Emiliano presented a poster Artificial neural network models for the evolution of assortative learning


Apu presented a poster Migration syndrome in three-spined sticklebacks


ESEB 2019 logo
The 2019 Congress of the European Society for Evolutionary Biology (ESEB) took place in Turku, Finland, on the 19-24th of August. A couple of us attended and presented their work:

Franjo gave a talk: Regulatory networks link phenotypic plasticity to evolvability. His talk can be watched at the conference website.

Boris gave a talk: Long live the queen: eusociality and the evolutionary theory of aging.

Magdalena presented a poster Evolution of emotions and learning – a neural network model


Daniel presented a poster How can division of labour in social insects evolve?


The ESEB congress was as always intensive, with many talks from different evolutionary biology areas. Evolution of adaptation seemed to be one of the more popular topics covered among others by sessions Rapid evolutionary adaptations: potential and constraints; and Genetics and genomics of adaptations. Two sessions were devoted to theoretical work: Mathematical models in evolutionary biology; and Evolutionary game theory: modern development and interdisciplinary adaptations. Theoretical talks in other sessions were rather scarce.
Many of the talks can be watched at the congress website. Many of the posters have been archived at Figshare, just search for Evol2019 or ESEB2019.

Lukas Geyrhofer
On the 19th of June we were visited by Lukas Geyrhofer, currently a postdoc at the Israel Institute of Technology (Technion) in Haifa. He gave a talk about his work in an international project on the evolution of antibiotic resistance:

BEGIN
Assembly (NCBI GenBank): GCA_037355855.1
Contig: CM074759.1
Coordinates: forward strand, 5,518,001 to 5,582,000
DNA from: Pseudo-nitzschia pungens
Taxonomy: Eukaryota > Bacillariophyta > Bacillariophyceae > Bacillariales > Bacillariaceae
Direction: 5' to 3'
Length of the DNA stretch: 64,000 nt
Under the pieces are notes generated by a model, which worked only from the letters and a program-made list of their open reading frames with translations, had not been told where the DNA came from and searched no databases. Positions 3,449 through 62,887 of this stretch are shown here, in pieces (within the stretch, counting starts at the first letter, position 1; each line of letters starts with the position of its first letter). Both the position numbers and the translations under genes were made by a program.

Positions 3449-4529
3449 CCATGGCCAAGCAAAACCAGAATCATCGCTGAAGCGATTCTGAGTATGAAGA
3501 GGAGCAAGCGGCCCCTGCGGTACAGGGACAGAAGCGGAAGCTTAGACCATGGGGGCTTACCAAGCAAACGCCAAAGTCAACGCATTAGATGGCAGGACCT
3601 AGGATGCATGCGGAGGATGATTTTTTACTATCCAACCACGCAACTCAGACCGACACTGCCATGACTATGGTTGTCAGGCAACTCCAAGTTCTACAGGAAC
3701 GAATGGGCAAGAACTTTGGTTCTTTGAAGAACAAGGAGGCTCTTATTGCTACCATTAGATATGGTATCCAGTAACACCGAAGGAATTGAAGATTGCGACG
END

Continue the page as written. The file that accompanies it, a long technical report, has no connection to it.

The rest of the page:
Public good dilemmas in the evolution of antibiotic resistance

Thomas Oudman
Thomas Oudman from the University of St. Andrews and NIOZ was visiting our group on the 11th and 12th of June. He gave a talk about his work on the role of culture in migratory barnacle geese:

Taking animal decisions seriously: the roles of culture and experience in the ecology and evolution of migratory behaviour by barnacle geese

Abstract: Arctic breeding birds are facing strong ecological changes along their migration routes, which requires them to adjust their strategies. What are the inheritance mechanisms of migratory behaviour, and how do they help or constrain species in changing it? Barnacle geese breeding on Spitsbergen face changes in food phenology along their staging sites. More than forty years of observations in the UK, along the Norwegian coast and on Spitsbergen show a clear response in migratory behaviour. We designed individual-based models to simulate different potential ways in which geese might develop and adjust their migratory behaviour. Using Approximate Bayesian Computation methods, we compared the resulting simulations with the actual patterns that emerge from bird counts and mark-recapture analysis of ring readings. The results suggest that group-decisions are crucial to explain the observed behavioural changes, and that older individuals lead groups, informing their decision by individual experiences. Young geese change strategy more often than older geese. This does not seem to result from a higher tendency to explore, but from a stronger tendency to switch between groups. In other words, it looks like barnacle geese have an advanced cultural system that allows them to respond to trends in environmental conditions spanning several generations.